Last week, I shared a lesson about persistence from Winston Churchill's speech to the students at Harrow School: Commitment, Focus & Action.
Here's what I heard from a few of you:
You made a commitment,
You focused on the three key roles.
You took action.
Then you spent some time on the Internet where it seemed that other artists are way ahead of you.
Because they have better art, better web sites, and better Blogs.
You think this because they have more pieces of art, more web pages, more posts, more friends on Facebook, more followers on Twitter, more connections on LinkedIn, are in more circles on Google+ and more pinned on Pinterest.
So you assume that they are selling more art and making more money.
Maybe. Maybe not.
Here's where more of Churchill's advice can help you:
"You cannot tell from appearances how things will go. Sometimes imagination makes things out far worse than they are; yet without imagination not much can be done."
So stop using your imagination to torment yourself that others are doing better (and there's no proof that they really are).
Work on improving your art, your marketing and your business administration.
Step One: Focus
- What do you see these artists doing that you would like to do?
- Can you adapt what they are doing to fit your goals, time, money, energy and skills?
- Will doing these things help you get closer to the goals you have for your art business?
Step Two: Commit
- What will you start doing?
- What will you stop doing?
- What will you do differently?
Step Three: Action
- Look at the lists you made of what you will start, stop or do differently.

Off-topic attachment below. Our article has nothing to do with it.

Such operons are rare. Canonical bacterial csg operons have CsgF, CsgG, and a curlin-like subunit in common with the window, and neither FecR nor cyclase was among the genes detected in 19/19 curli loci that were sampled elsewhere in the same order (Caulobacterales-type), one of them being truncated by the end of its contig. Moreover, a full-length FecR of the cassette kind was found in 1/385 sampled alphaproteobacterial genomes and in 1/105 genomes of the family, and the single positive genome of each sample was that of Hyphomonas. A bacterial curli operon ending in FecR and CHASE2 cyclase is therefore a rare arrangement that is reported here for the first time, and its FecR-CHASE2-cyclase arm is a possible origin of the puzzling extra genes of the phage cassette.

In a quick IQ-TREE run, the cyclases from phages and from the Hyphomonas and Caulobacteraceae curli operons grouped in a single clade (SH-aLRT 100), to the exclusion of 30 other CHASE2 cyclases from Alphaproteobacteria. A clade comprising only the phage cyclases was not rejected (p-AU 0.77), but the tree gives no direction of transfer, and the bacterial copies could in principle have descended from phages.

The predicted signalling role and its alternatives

- Choose one of each and take action today.
- Repeat until done.
Remember Churchill's words:
"Never give in. Never give in. Never, never, never, never--in nothing, great or small, large or petty--never give in, except to convictions of honor and good sense."
You didn't get this far in life by giving up or giving in.
You can only change what is within your control.
Want an example?
"Tumbling Pineapples" was submitted to four exhibits before it was accepted into the Hawai`i Watercolor Society's Members' Exhibit - and then it won an award!
If I had stopped after my first, second, or even third rejections, if I hadn't kept submitting this painting to different exhibits, it never would have won anything!
The painting didn't change during the submission process. The eyes making the selection changed, along with the other images submitted to the exhibit.
Tumbling Pineapples isn't the only painting in this exhibit with a similar story... (To read more, click here: artofaloha.com/blog-recipes/2013/4/26/surviving-adolescence.html)
And somewhere out there, another artist is looking at you and wishing they were doing as well as you are.
If you need an accountability partner for your art business or someone to roll up sleeves to produce art marketing materials or work on your web site, just let us know. We can help you. If you haven't already had one, start with a complimentary 15-minute conversation. Sign up here.